“More Endangered than a Giant Panda” – Rare breed foal bred at Chatsworth
A critically endangered Suffolk Punch foal is now home at Chatsworth and charming visitors and employees alike as the estate’s rare breeds programme bears its first fruit.
Eugenie, the Chatsworth Farmyard mare successfully gave birth in April to a beautiful colt foal, who has been named Huxley. The pair have now returned from the stud farm to take up residence in the farmyard.
The Rare Breeds Survival Trust considers Suffolk Punch horses to be critically endangered. There are fewer than 500 purebred Suffolk horses registered in the UK now, and Eugenie is one of only 72 female Suffolk punches, making them more endangered than the Giant Panda. Huxley is one of the finest colts born this year and is a significant addition to the breeding programme.
Farmyard team member Rachel Kearsey said: “The farmyard team are thrilled to welcome back Eugenie and Huxley. Eugenie was pleased to return to the farmyard – whinnying with excitement when the trailer bought her back into the yard.
“Huxley has been a huge hit with visitors. He was very shy to begin with but his cheeky personality is now showing through.”
Huxley and Eugenie spend their day in the bottom yard at the farmyard entrance and spend the evenings out in the farmyard paddocks.
Chatsworth Farmyard is home to a number of the country’s rarest breeds of livestock and equines, including Suffolk Punch horses, Shire horses, Albion cattle, Gloucestershire Old Spot pigs, Bagot goats and Cream Legbar chickens, with British Landrace pigs and Eriskay ponies.
Rare Breeds Survival Trust (RBST) awarded RBST accreditation to Chatsworth Farmyard earlier this year, recognising its important contribution to the conservation of some the rarest livestock and equine breeds native to the UK.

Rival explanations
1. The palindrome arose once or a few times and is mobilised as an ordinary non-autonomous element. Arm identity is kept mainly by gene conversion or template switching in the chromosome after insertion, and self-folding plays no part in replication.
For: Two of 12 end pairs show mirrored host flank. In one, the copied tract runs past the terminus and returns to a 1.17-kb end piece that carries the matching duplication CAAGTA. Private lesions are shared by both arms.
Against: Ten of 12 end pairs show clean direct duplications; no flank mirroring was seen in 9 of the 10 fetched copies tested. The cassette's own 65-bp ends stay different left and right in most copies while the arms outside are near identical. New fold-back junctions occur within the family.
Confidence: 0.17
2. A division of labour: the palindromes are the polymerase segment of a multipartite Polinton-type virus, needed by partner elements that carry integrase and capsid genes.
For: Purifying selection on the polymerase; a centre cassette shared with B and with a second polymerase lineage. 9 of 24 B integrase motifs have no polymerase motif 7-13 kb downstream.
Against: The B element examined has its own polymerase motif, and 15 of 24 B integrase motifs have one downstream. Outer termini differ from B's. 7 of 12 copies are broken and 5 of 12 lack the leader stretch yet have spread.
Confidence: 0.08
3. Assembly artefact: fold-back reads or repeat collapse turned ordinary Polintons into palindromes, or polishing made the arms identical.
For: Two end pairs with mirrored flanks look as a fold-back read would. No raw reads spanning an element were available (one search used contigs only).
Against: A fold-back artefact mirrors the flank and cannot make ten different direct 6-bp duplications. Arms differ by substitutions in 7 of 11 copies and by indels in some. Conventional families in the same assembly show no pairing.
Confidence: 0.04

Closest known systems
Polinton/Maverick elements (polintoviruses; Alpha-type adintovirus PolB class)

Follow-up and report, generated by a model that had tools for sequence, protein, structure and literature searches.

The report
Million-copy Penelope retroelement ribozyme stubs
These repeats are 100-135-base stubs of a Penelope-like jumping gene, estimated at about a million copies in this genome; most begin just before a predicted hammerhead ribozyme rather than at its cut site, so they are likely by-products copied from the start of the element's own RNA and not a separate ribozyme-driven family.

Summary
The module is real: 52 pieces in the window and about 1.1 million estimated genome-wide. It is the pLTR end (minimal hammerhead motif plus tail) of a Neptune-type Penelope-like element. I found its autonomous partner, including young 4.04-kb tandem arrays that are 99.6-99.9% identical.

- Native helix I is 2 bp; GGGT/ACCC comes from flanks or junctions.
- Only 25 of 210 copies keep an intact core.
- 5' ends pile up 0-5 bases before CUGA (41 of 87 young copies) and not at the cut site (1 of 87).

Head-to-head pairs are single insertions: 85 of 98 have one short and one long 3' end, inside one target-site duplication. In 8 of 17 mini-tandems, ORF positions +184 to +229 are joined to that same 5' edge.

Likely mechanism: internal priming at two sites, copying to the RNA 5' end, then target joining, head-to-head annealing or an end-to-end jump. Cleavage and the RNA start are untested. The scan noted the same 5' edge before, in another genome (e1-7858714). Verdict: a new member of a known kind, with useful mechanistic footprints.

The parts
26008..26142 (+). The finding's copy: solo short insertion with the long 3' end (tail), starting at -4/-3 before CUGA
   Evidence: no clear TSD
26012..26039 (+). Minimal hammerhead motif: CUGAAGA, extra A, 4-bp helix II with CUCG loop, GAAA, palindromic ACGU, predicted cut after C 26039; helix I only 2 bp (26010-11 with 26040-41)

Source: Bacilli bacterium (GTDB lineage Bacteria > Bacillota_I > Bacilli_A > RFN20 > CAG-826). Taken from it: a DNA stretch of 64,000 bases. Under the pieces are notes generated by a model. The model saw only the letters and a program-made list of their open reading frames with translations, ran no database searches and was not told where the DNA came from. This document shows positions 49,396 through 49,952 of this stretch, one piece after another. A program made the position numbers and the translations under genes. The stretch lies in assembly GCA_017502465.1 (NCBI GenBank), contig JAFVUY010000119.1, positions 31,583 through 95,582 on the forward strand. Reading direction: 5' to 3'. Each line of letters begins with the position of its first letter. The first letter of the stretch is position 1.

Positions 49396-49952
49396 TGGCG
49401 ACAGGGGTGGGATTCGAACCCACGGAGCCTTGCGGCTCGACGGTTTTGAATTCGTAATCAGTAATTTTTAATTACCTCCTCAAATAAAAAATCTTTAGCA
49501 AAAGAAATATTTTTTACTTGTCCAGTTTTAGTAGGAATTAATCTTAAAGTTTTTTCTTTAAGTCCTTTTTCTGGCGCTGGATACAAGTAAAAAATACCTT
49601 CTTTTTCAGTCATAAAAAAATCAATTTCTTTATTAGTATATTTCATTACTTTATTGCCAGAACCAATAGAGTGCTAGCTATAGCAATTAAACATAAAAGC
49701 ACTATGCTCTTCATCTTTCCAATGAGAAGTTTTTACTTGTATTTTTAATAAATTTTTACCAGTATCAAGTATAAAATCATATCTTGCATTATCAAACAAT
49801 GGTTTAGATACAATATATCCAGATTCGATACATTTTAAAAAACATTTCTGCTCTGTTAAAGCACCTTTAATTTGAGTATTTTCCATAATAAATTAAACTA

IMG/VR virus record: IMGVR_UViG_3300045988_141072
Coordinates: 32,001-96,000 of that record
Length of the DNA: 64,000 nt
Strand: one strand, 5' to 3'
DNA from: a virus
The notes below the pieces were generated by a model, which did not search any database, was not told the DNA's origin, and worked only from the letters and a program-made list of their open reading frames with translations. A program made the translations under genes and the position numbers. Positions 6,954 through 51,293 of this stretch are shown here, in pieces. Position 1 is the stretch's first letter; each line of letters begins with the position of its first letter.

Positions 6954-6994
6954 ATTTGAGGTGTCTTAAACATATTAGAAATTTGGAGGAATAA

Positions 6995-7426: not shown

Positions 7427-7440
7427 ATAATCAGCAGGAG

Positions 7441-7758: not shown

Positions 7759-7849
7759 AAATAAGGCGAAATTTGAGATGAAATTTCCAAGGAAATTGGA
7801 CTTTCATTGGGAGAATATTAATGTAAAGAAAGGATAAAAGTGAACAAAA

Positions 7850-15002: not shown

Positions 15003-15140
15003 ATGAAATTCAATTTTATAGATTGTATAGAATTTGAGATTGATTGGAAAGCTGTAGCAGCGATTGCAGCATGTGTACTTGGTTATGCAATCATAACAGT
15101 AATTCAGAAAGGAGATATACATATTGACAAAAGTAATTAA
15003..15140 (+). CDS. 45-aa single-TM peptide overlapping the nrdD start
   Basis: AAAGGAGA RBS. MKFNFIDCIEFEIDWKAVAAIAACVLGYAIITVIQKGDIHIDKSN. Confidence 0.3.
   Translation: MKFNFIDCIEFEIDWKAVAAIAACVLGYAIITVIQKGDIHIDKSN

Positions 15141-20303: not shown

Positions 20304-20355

RBST is the national charity that works to secure the future of rare breeds of native livestock and equines. Chatsworth Farmyard is now part of the 25-strong network of RBST accredited farm parks which take part in crucial conservation programmes, manage special breeding groups, and support education about rare breeds and why they matter.
While Chatsworth is looking forward to being able to welcome more people back to the estate following the easing of restrictions on 19 July, the health and wellbeing of visitors and colleagues remains its number one priority. Key measures will include requiring visitors aged 11 years and upwards to wear a face covering in the house and encouraging use in all other indoor areas, such as the restaurants and gift shops
Chatsworth Farmyard and Adventure Playground is open daily. For advance tickets and opening times, please visit www.chatsworth.
Chatsworth supports the marketing and economic growth of the town through Chesterfield Champions, a network of over 180 organisations across Chesterfield and North Derbyshire.